Themes in the Foundations Curriculum are organized differently, please see Foundations Curriculum courses, components & themes.
The clinical skills theme encompasses a patient-centered approach to medical interviewing and counseling, physical examination and clinical reasoning. As such, this theme includes much of what a physician must master and as students, you will be supported throughout your training to acquire these skills. The curriculum will be developmental, aligned and integrated across years and courses. In years one and two, teaching will be a focus of two courses, Clinical Skills I and II, and you will have an opportunity to practice further during clinically-based observerships. In third and fourth year, as you immerse yourself in clinical rotations, you will continue to expand your clinical skills within the context of the various medical and surgical subspecialties. Direct observation of your interviewing, physical examination, and counseling by expert faculty will be supplemented by OSCE-style assessments to provide you with corrective feedback.
In order to meet the needs of students who will likely develop their clinical abilities at different rates, students will be able to access additional coaching as necessary. These opportunities will include, but not be limited to, work with student-run clinical skills interest groups and expert, dedicated volunteer faculty through the Clinical Skills Coaches Program. Students who are identified as needing remedial attention on the basis of their performance within courses, rotations, or on examinations, will be referred to the Clinical SCORE Program for more structured and intensive support.
Collaborator / Interprofessional Education
Interdisciplinary collaboration is an integral component of health care and is associated with improved patient outcomes. The guiding principles of Interprofessional Education (IPE) are similar to those defined by the collaborator competency in the MD Program. The collaborator objectives will be accomplished through your participation in a variety of theme-specific learning activities across the four years of medical school. One of the chief ways in which this educational content is delivered is via the formal mandatory IPE curriculum. The IPE curriculum has been developed for Health Care Professional students from across 11 University of Toronto programs (Dentistry, Medical Radiation Sciences, Nursing, Occupational Therapy, Pharmacy, Kinesiology and Physical Education, Physical Therapy, Physician Assistant, Social Work, and Speech-Language Pathology and Medicine), and is delivered under the auspices of the Centre for IPE. To complete the IPE curriculum, you will take part in both core and elective learning activities throughout your four-year MD Program.
As a medical graduate, you will be able to meet the curriculum objectives listed under 'collaborator' on the MD Program competencies page.
For more information on your mandatory curricular requirements, login to the University of Toronto Learning Portal under My Organizations Plus > UT Interprofessional Education (IPE) Program/Curriculum > Curriculum Requirements > Medicine.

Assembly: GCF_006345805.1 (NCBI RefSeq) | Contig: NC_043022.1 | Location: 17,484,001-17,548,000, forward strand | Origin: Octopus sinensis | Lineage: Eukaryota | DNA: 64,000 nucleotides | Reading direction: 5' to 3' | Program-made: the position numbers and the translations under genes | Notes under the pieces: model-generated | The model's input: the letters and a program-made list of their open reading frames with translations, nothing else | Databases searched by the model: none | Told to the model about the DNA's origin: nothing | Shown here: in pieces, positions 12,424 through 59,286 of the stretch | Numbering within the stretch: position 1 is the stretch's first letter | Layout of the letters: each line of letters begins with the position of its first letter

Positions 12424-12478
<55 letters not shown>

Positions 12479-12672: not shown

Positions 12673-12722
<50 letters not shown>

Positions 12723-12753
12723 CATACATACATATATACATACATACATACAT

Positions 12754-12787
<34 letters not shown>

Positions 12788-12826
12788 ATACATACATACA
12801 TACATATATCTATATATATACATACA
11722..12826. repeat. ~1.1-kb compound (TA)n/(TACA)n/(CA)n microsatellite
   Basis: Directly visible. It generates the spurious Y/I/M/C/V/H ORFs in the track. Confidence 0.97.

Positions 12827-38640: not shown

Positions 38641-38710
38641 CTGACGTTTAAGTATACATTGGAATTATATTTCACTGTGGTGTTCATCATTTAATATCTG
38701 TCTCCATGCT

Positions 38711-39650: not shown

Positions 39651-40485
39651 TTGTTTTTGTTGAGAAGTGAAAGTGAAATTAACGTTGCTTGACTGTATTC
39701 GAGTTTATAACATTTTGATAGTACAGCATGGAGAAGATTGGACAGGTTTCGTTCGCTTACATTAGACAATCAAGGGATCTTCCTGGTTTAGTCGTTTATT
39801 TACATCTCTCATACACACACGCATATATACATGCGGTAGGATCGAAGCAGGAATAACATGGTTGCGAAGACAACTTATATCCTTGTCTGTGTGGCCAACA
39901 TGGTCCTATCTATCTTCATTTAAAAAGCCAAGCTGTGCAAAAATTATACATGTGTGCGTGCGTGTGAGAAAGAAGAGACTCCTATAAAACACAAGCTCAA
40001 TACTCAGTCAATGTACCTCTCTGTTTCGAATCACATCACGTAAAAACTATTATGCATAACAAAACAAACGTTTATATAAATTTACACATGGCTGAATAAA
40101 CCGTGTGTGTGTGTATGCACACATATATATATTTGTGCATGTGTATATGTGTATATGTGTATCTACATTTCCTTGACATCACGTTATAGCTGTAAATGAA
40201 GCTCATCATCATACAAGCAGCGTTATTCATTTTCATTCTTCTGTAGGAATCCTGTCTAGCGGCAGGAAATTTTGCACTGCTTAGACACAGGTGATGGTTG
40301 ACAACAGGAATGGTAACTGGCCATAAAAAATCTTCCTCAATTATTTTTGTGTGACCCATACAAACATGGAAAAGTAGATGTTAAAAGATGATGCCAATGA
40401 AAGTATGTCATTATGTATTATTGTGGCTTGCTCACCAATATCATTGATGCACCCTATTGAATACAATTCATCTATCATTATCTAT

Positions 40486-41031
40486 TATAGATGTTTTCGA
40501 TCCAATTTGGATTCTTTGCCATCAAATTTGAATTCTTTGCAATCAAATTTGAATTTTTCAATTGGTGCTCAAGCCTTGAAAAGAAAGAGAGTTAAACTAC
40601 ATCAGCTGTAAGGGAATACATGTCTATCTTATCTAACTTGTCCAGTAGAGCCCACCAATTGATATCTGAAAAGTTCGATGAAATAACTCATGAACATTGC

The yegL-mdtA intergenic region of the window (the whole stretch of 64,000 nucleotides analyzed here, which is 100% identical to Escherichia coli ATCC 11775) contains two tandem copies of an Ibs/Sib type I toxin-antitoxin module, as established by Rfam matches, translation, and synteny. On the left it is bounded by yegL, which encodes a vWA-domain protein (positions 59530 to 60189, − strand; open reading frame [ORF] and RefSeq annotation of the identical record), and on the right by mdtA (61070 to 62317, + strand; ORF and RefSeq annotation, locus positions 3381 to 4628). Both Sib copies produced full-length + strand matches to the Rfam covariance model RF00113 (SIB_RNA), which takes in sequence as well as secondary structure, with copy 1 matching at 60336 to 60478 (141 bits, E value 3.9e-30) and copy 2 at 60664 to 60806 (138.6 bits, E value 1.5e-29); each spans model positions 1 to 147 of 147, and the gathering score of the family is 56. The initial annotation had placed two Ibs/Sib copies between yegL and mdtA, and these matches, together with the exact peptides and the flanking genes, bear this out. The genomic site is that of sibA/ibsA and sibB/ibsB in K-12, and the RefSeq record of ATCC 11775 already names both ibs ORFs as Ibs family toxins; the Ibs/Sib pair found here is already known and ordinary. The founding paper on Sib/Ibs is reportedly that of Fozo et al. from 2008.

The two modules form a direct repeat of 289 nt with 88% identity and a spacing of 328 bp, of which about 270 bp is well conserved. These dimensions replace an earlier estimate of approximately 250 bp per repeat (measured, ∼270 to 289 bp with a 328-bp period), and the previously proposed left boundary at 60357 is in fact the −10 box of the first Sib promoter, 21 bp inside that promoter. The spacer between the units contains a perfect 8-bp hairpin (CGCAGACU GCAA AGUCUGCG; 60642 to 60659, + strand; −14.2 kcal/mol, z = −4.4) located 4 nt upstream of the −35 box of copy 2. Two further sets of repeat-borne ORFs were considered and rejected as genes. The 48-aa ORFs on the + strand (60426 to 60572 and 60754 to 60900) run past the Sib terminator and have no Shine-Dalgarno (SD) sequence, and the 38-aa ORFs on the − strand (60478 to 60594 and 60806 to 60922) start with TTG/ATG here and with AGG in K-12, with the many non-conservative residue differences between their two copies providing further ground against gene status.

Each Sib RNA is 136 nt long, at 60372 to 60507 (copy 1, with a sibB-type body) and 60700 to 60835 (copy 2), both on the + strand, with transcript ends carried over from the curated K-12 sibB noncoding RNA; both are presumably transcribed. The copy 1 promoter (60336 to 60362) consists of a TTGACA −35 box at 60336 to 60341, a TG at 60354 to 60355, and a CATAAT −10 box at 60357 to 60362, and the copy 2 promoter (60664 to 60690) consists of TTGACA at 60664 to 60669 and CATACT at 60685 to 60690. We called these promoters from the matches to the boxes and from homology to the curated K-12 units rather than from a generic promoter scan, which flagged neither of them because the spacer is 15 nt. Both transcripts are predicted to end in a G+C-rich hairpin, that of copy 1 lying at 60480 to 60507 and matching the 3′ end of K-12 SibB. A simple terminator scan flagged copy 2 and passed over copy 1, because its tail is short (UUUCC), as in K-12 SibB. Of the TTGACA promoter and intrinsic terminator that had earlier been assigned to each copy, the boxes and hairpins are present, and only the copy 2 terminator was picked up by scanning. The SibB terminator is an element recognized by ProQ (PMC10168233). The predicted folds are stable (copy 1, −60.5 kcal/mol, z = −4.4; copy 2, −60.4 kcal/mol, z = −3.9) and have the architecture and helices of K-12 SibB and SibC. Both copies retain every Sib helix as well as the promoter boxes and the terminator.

ETHICS & PROFESSIONALISM / PROFESSIONAL ROLE
We are committed to helping students develop the essential knowledge, skills and attitudes necessary to fulfill your future professional responsibilities to the best of your abilities and to the satisfaction of your patients and society. In order to achieve this goal, our core curriculum for the professional role facilitates acquisition of the relevant knowledge and skills as well as understanding and development of appropriate attitudes, and provides opportunities to develop reflective capacity. It includes longitudinal assessment in the following key areas: ethics; professional relationships and behaviour; medical jurisprudence; physician health; capacity for reflective practice; and understanding of the nature of the medical profession’s commitments to society and to self-regulation.
As a medical graduate, you will be able to meet the curriculum objectives listed under 'professional' on the MD Program competencies page.
|GERIATRICS / CARE OF THE ELDERLY|
The proportion of the population that is elderly continues to grow. The elderly have special health care needs and future physicians must be prepared to provide optimal care to them. Accordingly, a care of the elderly/geriatrics theme has been established and a theme lead appointed during the 2014-15 academic year.
The purpose of this theme is to develop appropriate learning objectives that support the learning of core competencies related to geriatrics in light of the national geriatrics curriculum throughout the four-year program. The geriatric theme lead works in collaboration with course directors and other theme leads to design appropriate learning activities that permit students to achieve these competencies. Assessment activities are also jointly designed to ensure students have in fact reached the required milestones.
Health humanities can be defined as a sustained interdisciplinary and interprofessional inquiry into aspects of medical practice, education, and research, expressly concerned with the humanistic side of medicine. This theme is explored in all four years of the MD Program through core curriculum and electives and is shaped by the health, arts and humanities program. This program advances a deeper understanding of health, illness, suffering, disability, human dignity and the provision of care by creating a community of scholars in the arts, humanities and clinical and social sciences. It also encourages the development of skills and attitudes essential to providing person-centered care with a focus on: